U.S. President Joe Biden will deliver remarks on the August Jobs Report at the White House in Washington on September 3, 2021.
Kevin Lamarque | Reuters
The Biden administration tabled a $ 65 billion plan on Friday that U.S. officials say will help the nation tackle the next biological threats after the Covid-19 pandemic subsides.
The next pandemic will likely be “significantly” different from Covid, and so the US government must prepare now to deal with any future viral threat, said Eric Lander, scientific advisor to President Joe Biden and director of the Office of Science and Technology, on a background conversation with reporters Friday.
The plan – published in a 27-page document entitled “American Pandemic Preparedness: Transforming Our Capabilities” – calls for billions of dollars to be invested over the next decade to improve vaccines, therapeutics and public health infrastructure improve the country’s real-time surveillance capabilities and upgrade personal protective equipment that could be used against a wide variety of pathogens.
The Biden government’s plan is divided into five “pillars,” officials said, each targeting different parts of the public health system. She proposes $ 15 billion to $ 20 billion to accelerate government efforts. The funds would go to a new “mission control” office in the Department of Health and Human Services, which is closely overseen by Congress, officials said.
Lander said the ongoing Covid pandemic exposed “fundamental issues” with America’s public health system, including insufficient funding and lack of coordination between federal, state and local governments.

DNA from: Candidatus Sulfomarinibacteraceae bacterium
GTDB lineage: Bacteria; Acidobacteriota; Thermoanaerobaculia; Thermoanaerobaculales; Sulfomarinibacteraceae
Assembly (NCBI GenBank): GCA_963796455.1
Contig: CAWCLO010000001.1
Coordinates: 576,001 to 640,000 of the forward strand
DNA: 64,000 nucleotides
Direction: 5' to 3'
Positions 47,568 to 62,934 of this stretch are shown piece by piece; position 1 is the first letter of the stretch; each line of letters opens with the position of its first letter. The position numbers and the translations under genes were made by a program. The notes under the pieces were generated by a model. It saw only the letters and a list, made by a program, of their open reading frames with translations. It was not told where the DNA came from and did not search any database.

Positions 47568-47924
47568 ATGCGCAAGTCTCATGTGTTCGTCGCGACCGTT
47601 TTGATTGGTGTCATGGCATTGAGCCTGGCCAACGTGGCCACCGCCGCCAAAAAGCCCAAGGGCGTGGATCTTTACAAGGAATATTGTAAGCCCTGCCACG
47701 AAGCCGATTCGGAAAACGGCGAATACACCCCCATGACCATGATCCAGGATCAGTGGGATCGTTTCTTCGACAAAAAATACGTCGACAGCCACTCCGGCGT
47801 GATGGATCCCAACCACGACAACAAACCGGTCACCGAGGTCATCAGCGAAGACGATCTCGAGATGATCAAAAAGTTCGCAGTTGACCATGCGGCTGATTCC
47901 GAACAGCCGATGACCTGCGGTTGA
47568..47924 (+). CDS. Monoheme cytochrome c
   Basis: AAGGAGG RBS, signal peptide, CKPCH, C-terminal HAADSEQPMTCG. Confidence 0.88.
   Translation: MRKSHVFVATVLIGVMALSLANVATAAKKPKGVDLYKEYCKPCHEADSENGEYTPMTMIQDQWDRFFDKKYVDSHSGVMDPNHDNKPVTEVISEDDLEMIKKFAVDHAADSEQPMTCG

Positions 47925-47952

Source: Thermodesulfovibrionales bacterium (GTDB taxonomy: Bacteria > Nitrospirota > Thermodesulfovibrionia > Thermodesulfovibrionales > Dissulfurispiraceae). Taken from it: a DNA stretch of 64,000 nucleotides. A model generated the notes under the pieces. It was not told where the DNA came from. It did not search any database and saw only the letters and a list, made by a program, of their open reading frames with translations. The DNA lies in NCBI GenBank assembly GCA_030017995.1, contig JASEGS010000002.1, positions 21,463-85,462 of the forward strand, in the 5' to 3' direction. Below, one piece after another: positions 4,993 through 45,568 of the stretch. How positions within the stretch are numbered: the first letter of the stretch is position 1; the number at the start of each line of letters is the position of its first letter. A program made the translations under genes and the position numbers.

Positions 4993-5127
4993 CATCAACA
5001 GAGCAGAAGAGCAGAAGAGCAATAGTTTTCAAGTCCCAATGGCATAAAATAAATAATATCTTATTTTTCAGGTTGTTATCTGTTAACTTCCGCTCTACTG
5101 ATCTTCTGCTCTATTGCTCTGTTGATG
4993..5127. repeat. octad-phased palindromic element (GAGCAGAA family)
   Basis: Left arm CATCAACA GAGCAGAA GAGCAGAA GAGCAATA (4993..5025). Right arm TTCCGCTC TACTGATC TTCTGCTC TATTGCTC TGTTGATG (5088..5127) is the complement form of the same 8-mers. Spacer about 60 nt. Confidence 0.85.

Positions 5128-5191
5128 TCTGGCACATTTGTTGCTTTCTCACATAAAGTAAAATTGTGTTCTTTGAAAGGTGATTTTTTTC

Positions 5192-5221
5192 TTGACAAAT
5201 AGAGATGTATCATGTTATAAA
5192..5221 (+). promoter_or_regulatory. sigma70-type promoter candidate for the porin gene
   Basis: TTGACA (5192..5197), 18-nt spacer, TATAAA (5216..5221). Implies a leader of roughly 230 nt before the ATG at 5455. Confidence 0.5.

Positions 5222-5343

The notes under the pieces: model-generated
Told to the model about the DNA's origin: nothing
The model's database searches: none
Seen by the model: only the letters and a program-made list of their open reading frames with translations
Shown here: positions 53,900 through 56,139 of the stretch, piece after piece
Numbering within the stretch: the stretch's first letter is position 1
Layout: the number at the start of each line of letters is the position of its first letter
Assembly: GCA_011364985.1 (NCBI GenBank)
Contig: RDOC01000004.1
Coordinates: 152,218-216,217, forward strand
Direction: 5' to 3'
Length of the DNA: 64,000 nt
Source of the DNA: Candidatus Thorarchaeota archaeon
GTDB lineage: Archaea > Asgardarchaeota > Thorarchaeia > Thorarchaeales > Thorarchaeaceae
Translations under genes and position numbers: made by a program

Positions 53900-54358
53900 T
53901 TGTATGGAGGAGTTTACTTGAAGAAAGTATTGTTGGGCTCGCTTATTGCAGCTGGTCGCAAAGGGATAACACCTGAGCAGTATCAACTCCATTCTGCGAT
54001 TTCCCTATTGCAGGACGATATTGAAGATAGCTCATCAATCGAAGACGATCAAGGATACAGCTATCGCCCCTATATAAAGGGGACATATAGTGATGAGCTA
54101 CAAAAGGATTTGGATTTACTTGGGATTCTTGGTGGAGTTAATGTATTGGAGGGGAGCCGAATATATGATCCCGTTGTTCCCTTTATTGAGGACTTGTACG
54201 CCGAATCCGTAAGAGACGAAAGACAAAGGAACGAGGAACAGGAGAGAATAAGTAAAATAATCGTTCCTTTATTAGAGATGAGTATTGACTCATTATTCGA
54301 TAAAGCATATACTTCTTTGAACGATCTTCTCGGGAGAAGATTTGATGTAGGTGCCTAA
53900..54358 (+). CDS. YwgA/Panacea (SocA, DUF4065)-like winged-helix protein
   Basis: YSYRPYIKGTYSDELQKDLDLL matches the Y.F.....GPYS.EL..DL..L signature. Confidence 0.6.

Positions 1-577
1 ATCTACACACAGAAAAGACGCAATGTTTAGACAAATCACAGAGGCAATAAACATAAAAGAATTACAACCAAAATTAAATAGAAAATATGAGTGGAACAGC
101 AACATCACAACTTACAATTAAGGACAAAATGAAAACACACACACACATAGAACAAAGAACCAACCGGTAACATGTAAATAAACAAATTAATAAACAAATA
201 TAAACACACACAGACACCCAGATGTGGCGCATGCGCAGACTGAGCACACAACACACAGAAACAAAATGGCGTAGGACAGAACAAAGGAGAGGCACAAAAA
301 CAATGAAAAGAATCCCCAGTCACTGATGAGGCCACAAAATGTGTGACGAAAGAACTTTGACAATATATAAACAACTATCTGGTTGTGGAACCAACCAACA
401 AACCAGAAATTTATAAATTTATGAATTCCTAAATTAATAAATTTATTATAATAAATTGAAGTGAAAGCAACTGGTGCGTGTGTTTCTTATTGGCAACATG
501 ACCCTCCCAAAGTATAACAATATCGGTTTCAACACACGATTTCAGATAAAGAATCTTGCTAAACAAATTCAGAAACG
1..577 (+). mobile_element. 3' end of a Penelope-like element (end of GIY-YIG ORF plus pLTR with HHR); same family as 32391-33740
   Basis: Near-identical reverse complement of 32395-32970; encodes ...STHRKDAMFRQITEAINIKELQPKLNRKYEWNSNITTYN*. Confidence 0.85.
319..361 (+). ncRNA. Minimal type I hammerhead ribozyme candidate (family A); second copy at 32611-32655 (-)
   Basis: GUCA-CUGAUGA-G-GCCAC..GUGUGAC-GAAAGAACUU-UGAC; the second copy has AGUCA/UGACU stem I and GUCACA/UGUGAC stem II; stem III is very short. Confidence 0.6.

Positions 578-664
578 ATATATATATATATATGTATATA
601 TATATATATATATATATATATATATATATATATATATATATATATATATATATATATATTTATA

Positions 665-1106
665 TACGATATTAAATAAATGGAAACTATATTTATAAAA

The nation is still battling the world’s worst Covid outbreak, with more than 39 million cases and at least 643,776 deaths on Friday, according to data from Johns Hopkins University. Many recovered patients are still living with the long-term effects of the disease, he said.
“We need better skills … because there is a reasonable likelihood that another major pandemic that could be worse than Covid-19 will occur soon, possibly even within the next decade,” he told reporters on the call.
Officials said the government’s call to invest $ 65 billion was “modest” considering the current pandemic has cost the US an estimated $ 16 trillion in lost economic output.
It’s also less than what the country spends on other programs like missile defense and counterterrorism, which cost U.S. taxpayers $ 20 billion and $ 170 billion a year, respectively, they said.
“If major pandemics like COVID-19, which cost the US about $ 16 trillion, happened every 20 years, the annualized economic impact on the US would be $ 800 billion a year. Even with slightly milder pandemics, the annualized cost would likely exceed $ 500 billion, “officials wrote in the document.
According to the document, the Biden government’s largest planned investment is in vaccine development, which has helped the nation stave off serious illness, hospitalizations and deaths.
The US would spend a total of $ 24.2 billion to develop and test new vaccines against a range of viruses and to improve vaccine sales and manufacture.
The plan also plans to spend $ 11.8 billion on therapeutics, which would allow U.S. scientists and drug makers to develop new antiviral and other drugs and ensure large-scale manufacturing capacity for monoclonal antibody treatments.
Approximately $ 3.1 billion has been allocated to support the development of next generation PPE. At the height of the pandemic last year, frontline health workers faced problems as they encountered a shortage of masks, gowns, face shields and gloves.
The plan comes as the US heads into Labor Day weekend with just over four times as many Covid-19 cases and more than twice as many hospital admissions as last year.
The Biden government said it was preparing to begin widespread distribution of Covid booster vaccinations in the week of September 20 pending approval from the Food and Drug Administration after data showed vaccine protection against Covid infection subsides.
The plan, outlined by senior health officials last month, calls for a third dose eight months after the second shot of the Pfizer or Moderna vaccine.
Early on Friday, Biden said he would discuss “next steps” to combat the Delta variant next week.